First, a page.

Age-related dynapenia (strength loss) and sarcopenia
Maintaining strength vs. muscle mass is equally essential to the aging population. The aim to preserve strength is equally important to the aging population as maintaining muscle mass. Muscle mass protects metabolic function, while strength protects neuromuscular function and prolongs physical independence in older adults.
Individuals aged 65 and older are the fastest-growing population globally, with profound implications for the global optimization of healthy aging. This group may be more susceptible to anabolic resistance due to advanced chronological age; however, this is not inevitable. Maintaining strength and muscle is critical. Evidence indicates lifestyle habits that facilitate exercise, body fat level, and protein/nutrient intake can mitigate age-related myofibrillar protein synthesis (MPS) impairment.
Maintaining muscle mass
Resistance training is more effective than endurance training at stimulating myofibrillar protein synthesis. Current evidence favors post-exercise as the time when rapid hyperaminoacidemia promotes a marked rise in the rate of MPS. While resistance training and hyperaminoacidemia both stimulate MPS, it is through the synergistic effects of these two stimuli that a net gain in muscle proteins occurs, and muscle fiber hypertrophy occurs. Dietary proteins that contain all the essential amino acids, high in leucine, and digest rapidly are more likely to be effective. Potentially beneficial supplements to stave off anabolic resistance include leucine, EAA, creatine, vitamin D, n-3PUFA, and HMB.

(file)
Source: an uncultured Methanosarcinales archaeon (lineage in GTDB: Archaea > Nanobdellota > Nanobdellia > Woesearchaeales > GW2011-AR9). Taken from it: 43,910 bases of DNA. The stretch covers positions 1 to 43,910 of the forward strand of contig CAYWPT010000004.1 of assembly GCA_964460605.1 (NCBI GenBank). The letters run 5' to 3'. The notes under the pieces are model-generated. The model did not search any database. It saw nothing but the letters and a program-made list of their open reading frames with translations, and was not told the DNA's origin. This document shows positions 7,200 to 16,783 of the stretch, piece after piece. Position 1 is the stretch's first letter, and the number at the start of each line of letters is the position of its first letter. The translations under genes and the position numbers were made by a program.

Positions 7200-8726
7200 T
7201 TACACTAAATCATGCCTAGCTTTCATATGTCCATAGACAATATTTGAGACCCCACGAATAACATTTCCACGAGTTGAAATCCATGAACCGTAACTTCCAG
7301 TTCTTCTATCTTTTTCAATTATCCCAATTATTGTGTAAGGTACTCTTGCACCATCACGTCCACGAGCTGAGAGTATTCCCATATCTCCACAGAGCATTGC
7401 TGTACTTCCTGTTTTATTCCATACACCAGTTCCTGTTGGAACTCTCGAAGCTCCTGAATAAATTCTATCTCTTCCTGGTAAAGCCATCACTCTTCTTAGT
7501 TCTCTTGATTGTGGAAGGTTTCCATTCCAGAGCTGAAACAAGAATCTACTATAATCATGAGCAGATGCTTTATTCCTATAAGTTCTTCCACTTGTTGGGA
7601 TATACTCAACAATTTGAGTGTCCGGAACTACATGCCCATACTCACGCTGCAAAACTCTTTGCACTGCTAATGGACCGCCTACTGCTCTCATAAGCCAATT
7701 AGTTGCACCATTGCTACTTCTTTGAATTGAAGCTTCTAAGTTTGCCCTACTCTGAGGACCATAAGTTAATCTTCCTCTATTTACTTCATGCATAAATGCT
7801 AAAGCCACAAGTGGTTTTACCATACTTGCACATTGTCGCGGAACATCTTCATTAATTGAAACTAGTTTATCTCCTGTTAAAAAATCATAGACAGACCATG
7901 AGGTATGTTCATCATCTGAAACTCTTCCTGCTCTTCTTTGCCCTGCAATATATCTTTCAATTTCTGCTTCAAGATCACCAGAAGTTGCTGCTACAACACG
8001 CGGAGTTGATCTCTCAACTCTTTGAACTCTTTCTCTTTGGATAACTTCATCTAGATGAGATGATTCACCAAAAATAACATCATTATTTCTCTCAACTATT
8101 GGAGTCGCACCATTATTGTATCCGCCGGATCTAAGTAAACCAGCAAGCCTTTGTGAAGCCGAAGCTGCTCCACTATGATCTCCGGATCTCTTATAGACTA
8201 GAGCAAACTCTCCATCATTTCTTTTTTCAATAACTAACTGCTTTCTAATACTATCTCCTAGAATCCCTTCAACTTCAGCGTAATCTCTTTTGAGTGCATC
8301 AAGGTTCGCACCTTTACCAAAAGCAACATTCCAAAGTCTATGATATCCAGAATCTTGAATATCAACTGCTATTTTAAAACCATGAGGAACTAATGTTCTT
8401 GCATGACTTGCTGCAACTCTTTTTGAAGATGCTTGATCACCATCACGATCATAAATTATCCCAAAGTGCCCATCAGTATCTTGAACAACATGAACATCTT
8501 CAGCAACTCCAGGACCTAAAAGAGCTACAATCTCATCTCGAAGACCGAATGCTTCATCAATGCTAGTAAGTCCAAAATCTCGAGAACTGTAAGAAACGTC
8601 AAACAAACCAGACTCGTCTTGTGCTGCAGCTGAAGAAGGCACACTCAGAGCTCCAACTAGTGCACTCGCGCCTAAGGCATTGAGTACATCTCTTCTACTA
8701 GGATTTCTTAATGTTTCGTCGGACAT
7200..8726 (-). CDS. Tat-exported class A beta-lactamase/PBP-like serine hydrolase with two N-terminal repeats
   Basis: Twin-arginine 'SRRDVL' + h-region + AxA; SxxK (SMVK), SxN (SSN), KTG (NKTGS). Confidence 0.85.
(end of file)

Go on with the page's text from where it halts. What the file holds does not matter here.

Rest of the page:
Experts recommend a higher protein intake of .6 g/kg/day– 2.2g/kg/day for maximizing muscle anabolism in combination with structured exercise.
Per-meal protein intake is optimized at approximately 0.4 g/kg– 0.6 g/kg in older individuals, consumed at least 3–4 times through the day to reach this recommended daily total. Calory restriction also requires higher protein intake because it compromises lean mass preservation.
Potentially beneficial supplements to stave off anabolic resistance include leucine, EAA, creatine, vitamin D, n-3PUFA, and HMB.
A physically active lifestyle that regularly challenges the musculoskeletal system should focus on maintaining good muscle mass levels. Obesity can exacerbate anabolic resistance, so the effectiveness of nutrition and exercise for mitigating anabolic resistance is enhanced when keeping adiposity under control.
Read the complete paper – https://pubmed.ncbi.nlm.nih.gov/36018750/, and Scilit | Article – A Brief Review of Critical Processes in Exercise …. https://www.scilit.net/article/42ee2f45e1c1b1779c4bf0ed9258331c